HOR Aerodynamics and Drag

Most sailors don't realize how much drag is created by round wires and masts.  In fact, the amount of drag ("windage") caused by the modern sloop rig with its maze of wires and spreaders is enormous.  Consider the following illustration:


As you can see in the above illustration, a wire has the same amount of drag as a standard airfoil shape that is ten times the size of the wire.  Adding an aerodynamic sleeve to a standard round mast can lower the mast drag by 75%.

Eliminating wires, stays, and spreaders and covering the mast with an aerodynamic sleeve is just not a practical option with the traditional rig.  The innovative design of the Hoyt Offset Rig allows the mast to be easily sleeved since the sail is not attached to the mast and the short, unstayed carbon fiber mast also eliminates many of the wires and spreaders.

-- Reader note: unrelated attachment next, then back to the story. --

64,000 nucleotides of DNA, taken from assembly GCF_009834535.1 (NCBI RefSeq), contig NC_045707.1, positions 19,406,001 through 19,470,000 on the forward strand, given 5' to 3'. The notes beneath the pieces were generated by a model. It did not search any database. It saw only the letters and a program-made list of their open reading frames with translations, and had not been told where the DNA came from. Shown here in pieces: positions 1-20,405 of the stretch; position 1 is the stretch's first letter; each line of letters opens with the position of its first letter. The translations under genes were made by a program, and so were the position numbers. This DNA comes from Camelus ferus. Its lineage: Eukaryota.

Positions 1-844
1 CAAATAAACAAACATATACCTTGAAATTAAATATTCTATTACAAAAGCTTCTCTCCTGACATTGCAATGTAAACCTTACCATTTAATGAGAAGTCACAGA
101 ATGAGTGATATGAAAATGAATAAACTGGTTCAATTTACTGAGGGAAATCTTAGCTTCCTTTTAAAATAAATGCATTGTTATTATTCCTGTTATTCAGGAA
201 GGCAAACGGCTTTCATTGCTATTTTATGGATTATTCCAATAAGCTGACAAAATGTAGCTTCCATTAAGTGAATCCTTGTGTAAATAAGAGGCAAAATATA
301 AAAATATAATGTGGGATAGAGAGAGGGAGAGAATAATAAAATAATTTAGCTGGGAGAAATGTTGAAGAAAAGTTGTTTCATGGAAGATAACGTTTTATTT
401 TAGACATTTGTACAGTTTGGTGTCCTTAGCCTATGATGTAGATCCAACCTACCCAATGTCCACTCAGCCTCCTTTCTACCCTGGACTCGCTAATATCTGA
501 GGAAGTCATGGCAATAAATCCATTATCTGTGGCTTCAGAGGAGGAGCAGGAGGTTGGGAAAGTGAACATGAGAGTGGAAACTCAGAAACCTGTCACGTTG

Why Is Eliminating Drag Important ?

  • Performance
  • Comfort
  • Safety

Drag bleeds energy and power from the rig and you go slower.  While we may not all race to the next mark, getting to that safe anchorage before the blow or navigating the channel while it's still light is very important.

Rigging drag also allows the wind to push your boat around while at anchor or while docked.  We've all experienced a restless night in a boat that "worked" around its mooring.  And, of course, there's that annoying rigging hum and creaking.

Drag can be Dangerous!  In a severe wind with all sails furled, the windage in the rigging alone can cause knockdowns and uncontrollable speed.  At anchor or at the dock, the windage creates forces that strain the docking lines and ground tackle.  It creates significant loads on the rigging as well.  These loads coupled with the enormous number of fittings and rigging parts on the modern rig (the failure of any one of which is catastrophic) create a potentially lethal situation.